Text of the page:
These are heady days for higher education. Various initiatives under consideration by Congress would establish federal-state partnerships to address some of the most intractable issues facing students and educators in the United States. Student debt, stubborn barriers to access, and the adjunctification of the academic labor force are all squarely in the public eye. In April 2021, the MLA’s Executive Council endorsed the proposed College for All Act, which would mandate that public institutions achieve a seventy-five-percent tenure-track workforce, building employment security for many (Statement on Proposed College).
Although the outlook is improving at the federal level, a number of states are passing increasingly intrusive legislation that threatens to curtail academic freedom at public institutions while ostensibly securing so-called viewpoint diversity. It is no coincidence that much of the legislation targets efforts to teach the history of race and racism in the United States, even as institutions of all kinds attempt to address this vexed history in the wake of the murder of George Floyd. These developments remind us that we must redouble our efforts to advocate for one another and for our students—not only sharing research and teaching resources but speaking out for ethical workplace standards and academic freedom.
To that end, the Executive Council and Delegate Assembly Organizing Committee (DAOC) have been developing a new network to enhance our ability to advocate for members at their institutions. While this initiative is designed for the long term, members may already be getting a sense of how important it will be to use our collective voice. In January 2021, the Delegate Assembly overwhelmingly approved adding advocacy to delegates’ roles. Now the work truly begins, as we imagine together what on-campus advocacy might look like.
On-campus advocacy requires us to understand what is happening to our colleagues and their institutions across the United States and beyond. Ideally, this information should flow in multiple directions—among delegates who may share concerns, from individual members to their delegates to the DAOC and Executive Council, and from the MLA back to individual institutions. Only by ensuring this networked flow can we hope to empower members while also keeping the MLA responsive to what occurs on the ground.
The DAOC has begun consulting with current delegates on how best to open these lines of communication: delegates hope to report on local conditions on their campus through a periodic survey, and they note that more frequent online meetings of the Delegate Assembly, beyond the official annual meeting at the convention, will help them share impressions and organize.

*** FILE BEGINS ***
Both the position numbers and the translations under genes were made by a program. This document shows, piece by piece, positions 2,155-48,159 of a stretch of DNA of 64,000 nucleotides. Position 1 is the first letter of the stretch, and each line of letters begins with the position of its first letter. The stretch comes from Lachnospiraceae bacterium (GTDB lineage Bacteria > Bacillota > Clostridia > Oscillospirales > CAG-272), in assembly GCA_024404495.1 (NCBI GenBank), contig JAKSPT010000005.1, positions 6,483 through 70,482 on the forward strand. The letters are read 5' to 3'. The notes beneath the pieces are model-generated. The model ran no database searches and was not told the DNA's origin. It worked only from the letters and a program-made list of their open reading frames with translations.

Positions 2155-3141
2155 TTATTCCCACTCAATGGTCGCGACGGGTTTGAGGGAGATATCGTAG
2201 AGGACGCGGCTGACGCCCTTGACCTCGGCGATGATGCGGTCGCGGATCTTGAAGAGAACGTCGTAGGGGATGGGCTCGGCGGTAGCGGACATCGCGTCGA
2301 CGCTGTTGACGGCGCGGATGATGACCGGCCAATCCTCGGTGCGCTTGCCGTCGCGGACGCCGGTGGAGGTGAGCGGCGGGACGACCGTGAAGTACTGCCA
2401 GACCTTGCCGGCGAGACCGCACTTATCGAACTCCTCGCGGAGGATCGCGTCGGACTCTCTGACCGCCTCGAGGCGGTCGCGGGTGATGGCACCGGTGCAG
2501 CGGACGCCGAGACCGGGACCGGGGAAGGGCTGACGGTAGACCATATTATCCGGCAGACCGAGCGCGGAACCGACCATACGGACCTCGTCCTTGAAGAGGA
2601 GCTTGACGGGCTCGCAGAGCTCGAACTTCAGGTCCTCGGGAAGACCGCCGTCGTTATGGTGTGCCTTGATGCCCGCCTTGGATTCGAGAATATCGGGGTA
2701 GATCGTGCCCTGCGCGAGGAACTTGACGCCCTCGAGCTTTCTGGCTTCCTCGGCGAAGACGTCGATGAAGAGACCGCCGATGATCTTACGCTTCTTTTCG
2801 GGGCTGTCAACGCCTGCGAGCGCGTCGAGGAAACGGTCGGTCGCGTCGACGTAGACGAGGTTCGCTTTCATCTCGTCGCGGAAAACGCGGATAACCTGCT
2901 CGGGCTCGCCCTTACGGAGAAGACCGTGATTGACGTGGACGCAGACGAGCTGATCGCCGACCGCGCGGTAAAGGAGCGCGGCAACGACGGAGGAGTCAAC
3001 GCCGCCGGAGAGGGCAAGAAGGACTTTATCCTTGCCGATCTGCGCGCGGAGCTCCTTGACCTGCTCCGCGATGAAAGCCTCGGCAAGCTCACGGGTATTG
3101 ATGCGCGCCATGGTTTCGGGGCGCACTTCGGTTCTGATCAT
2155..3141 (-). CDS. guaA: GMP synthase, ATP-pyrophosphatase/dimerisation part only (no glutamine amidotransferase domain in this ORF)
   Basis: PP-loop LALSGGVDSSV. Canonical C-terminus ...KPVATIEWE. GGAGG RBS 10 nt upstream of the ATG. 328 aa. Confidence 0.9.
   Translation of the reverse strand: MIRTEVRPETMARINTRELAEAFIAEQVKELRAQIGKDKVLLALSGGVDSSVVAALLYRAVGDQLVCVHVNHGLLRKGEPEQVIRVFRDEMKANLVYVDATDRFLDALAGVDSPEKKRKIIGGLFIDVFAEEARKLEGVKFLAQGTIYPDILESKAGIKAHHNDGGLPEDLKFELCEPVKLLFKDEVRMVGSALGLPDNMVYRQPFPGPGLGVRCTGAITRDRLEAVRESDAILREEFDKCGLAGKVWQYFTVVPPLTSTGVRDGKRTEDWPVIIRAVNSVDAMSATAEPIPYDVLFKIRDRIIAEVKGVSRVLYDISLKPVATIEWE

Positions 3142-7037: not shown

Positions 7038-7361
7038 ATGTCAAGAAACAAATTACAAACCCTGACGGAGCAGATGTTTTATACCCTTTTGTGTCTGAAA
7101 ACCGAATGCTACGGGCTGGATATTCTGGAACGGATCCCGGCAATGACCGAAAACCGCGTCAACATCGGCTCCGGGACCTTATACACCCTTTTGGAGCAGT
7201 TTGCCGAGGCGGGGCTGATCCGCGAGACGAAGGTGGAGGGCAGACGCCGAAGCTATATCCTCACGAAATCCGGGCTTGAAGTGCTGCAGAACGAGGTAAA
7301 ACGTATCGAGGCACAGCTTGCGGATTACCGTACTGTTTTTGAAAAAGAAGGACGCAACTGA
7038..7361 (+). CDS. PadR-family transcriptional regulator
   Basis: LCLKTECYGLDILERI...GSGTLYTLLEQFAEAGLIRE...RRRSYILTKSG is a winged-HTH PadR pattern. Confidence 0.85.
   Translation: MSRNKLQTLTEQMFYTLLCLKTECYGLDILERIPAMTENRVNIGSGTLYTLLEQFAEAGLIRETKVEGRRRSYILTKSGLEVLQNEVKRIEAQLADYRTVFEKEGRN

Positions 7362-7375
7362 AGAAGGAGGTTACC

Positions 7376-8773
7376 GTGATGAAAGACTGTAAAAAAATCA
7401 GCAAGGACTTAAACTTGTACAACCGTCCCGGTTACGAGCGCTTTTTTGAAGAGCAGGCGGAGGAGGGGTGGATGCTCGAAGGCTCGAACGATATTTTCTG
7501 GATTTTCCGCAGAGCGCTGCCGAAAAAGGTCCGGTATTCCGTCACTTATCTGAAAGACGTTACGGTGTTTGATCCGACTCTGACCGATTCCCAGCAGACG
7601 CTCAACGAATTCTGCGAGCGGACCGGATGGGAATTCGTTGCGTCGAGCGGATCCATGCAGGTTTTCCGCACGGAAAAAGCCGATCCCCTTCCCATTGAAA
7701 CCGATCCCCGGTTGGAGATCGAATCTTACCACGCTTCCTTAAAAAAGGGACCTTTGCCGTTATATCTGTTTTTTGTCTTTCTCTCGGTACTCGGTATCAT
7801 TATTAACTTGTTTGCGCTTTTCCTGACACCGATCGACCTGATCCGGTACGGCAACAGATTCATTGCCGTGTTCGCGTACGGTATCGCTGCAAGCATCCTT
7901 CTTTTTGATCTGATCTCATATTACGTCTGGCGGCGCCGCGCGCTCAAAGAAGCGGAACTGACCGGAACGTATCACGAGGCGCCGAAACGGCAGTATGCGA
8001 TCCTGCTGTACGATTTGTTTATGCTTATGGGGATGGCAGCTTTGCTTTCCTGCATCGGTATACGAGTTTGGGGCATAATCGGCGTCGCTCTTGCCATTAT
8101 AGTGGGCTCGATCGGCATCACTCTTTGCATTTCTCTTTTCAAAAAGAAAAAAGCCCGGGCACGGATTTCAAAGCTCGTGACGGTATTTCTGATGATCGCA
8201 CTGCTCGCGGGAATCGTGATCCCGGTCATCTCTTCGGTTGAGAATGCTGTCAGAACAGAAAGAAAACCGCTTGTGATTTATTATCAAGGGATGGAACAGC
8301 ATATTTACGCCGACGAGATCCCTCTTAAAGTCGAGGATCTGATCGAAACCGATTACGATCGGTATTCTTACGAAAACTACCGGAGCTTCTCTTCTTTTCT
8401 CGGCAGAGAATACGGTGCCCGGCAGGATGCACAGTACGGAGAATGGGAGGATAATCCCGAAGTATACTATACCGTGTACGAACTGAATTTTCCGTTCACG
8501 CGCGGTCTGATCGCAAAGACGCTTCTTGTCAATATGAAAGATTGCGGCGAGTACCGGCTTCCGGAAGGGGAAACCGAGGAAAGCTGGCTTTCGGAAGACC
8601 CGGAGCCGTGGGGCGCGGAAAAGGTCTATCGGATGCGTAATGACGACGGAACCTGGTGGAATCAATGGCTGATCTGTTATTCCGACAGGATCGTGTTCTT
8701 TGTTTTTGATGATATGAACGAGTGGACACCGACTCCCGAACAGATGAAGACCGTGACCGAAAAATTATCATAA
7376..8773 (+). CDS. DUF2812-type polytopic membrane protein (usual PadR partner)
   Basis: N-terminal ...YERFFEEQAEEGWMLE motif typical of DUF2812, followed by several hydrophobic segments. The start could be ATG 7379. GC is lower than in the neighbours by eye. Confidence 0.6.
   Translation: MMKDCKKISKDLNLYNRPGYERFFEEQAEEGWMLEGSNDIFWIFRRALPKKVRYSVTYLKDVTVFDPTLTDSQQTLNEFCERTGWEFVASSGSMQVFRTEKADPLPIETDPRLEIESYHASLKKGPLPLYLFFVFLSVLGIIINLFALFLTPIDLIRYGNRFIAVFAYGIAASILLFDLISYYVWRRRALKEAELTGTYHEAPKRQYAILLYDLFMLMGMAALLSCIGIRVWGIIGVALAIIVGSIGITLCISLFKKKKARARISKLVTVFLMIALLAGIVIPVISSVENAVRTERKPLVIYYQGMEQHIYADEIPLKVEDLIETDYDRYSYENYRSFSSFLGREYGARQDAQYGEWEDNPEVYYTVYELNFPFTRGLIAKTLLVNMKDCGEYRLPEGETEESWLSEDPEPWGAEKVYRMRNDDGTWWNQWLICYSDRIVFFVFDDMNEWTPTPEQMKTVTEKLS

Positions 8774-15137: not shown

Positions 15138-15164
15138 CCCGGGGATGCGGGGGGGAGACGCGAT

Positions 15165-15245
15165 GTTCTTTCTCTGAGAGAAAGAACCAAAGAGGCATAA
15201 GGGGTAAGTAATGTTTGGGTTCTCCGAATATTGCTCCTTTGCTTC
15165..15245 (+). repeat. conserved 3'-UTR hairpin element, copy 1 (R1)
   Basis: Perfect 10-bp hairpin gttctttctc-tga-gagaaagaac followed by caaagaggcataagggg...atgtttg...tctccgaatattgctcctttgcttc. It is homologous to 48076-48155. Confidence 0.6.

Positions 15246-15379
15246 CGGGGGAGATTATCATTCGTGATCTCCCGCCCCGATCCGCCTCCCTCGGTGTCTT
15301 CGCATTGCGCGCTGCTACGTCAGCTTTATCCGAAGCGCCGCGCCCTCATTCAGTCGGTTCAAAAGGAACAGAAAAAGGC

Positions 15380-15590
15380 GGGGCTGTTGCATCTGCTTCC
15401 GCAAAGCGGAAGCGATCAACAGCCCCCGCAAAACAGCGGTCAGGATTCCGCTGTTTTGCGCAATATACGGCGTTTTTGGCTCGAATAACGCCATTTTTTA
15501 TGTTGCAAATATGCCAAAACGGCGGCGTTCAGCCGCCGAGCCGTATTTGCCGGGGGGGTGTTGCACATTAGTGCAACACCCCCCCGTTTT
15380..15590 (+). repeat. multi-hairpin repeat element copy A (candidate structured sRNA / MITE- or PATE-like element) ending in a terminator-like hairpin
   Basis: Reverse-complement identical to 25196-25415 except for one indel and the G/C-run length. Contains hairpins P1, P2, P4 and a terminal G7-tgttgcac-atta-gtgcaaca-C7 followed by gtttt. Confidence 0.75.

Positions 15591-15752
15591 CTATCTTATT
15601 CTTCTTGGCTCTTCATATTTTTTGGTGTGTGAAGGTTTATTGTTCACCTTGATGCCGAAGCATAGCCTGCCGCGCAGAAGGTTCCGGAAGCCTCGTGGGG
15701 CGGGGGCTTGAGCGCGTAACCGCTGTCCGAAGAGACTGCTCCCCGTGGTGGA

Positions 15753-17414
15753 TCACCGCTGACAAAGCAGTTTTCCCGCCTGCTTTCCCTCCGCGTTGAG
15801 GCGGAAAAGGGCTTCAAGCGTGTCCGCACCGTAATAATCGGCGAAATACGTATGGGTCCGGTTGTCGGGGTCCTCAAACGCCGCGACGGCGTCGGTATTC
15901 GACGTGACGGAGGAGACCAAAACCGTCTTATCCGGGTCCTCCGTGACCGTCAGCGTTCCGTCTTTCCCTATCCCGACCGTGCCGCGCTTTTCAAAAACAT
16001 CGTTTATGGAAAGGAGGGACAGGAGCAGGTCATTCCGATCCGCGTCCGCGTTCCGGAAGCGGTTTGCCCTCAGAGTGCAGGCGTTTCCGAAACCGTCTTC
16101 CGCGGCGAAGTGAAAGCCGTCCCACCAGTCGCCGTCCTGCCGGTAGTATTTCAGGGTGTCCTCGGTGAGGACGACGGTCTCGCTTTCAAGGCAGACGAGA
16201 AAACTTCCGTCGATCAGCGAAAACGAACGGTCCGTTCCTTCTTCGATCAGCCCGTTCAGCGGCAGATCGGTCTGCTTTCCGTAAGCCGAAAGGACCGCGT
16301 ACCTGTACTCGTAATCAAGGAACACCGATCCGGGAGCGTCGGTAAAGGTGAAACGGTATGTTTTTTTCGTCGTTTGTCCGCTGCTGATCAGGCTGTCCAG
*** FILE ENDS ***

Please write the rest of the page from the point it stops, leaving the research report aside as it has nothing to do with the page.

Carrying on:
How might advocacy work under this new remit? We encourage delegates to remind their colleagues and administrations about MLA statements on various key issues (e.g., such as those at “Career Resources”), from academic freedom to salary recommendations to guidelines for search committees and job seekers. Contingent faculty members may wish to point to the “Statement on Contingent Labor” created by members of the Executive Council, in consultation with the Committee on Contingent Labor in the Profession. Conversely, members are encouraged to approach their delegates—geographic, special-issue, or forum (“Members”)—to alert them to any particular challenges or situations of concern on their campuses.
Sima Godfrey, of the DAOC, recently shared how she used MLA guidelines at her institution, the University of British Columbia. When faculty members from various departments sought to produce a document on the responsibilities of graduate supervisors and the rights of graduate students, Godfrey pointed them to Improving Institutional Circumstances for Graduate Students in Languages and Literatures: Recommendations for Best Practices and Evaluative Questions, issued by the Committee on the Status of Graduate Students in the Profession in January 2013, thereby providing them with a carefully crafted starting point and saving many hours of reinventing the wheel of graduate supervision. Were this to occur today, Godfrey might also point to the May 2020 Report of the MLA Task Force on Ethical Conduct in Graduate Education (updated Feb. 2021).
As institutions continue to grapple with the long tail of the pandemic, the opportunities to invoke MLA statements that establish best practices have multiplied. The MLA has weighed in on everything from pausing time-to-degree and tenure clocks to gendered inequities in childcare and eldercare responsibilities; the Committee on Academic Freedom and Professional Rights and Responsibilities has stressed the importance of consultation and protections to tenure amid financial pressures (“Statement on Administrative Overreach”).
The more we can do to alert our membership to these resources, and to create the habit of invoking MLA standardsin our workplaces, the better off we will be, both as a professoriat and in allied professions. My somewhat dogged insistence on these very concrete matters—far from the intellectual passions that led many of us to our profession in the first place—stems from my conviction that we need to look out for one another and for those of our colleagues who come under increasing political and financial pressures.
We continue to gather ideas from our members and from current delegates on how best to implement this initiative. A special session at the 2022 convention in Washington, Using Our Power: The MLA, Advocacy, and Academic Labor, organized by Meryl Winick, our delegate representing full-time contingent faculty members, invites members to share their thoughts on how to engage under this new remit. I urge you to attend—and to send us your thoughts on this key matter.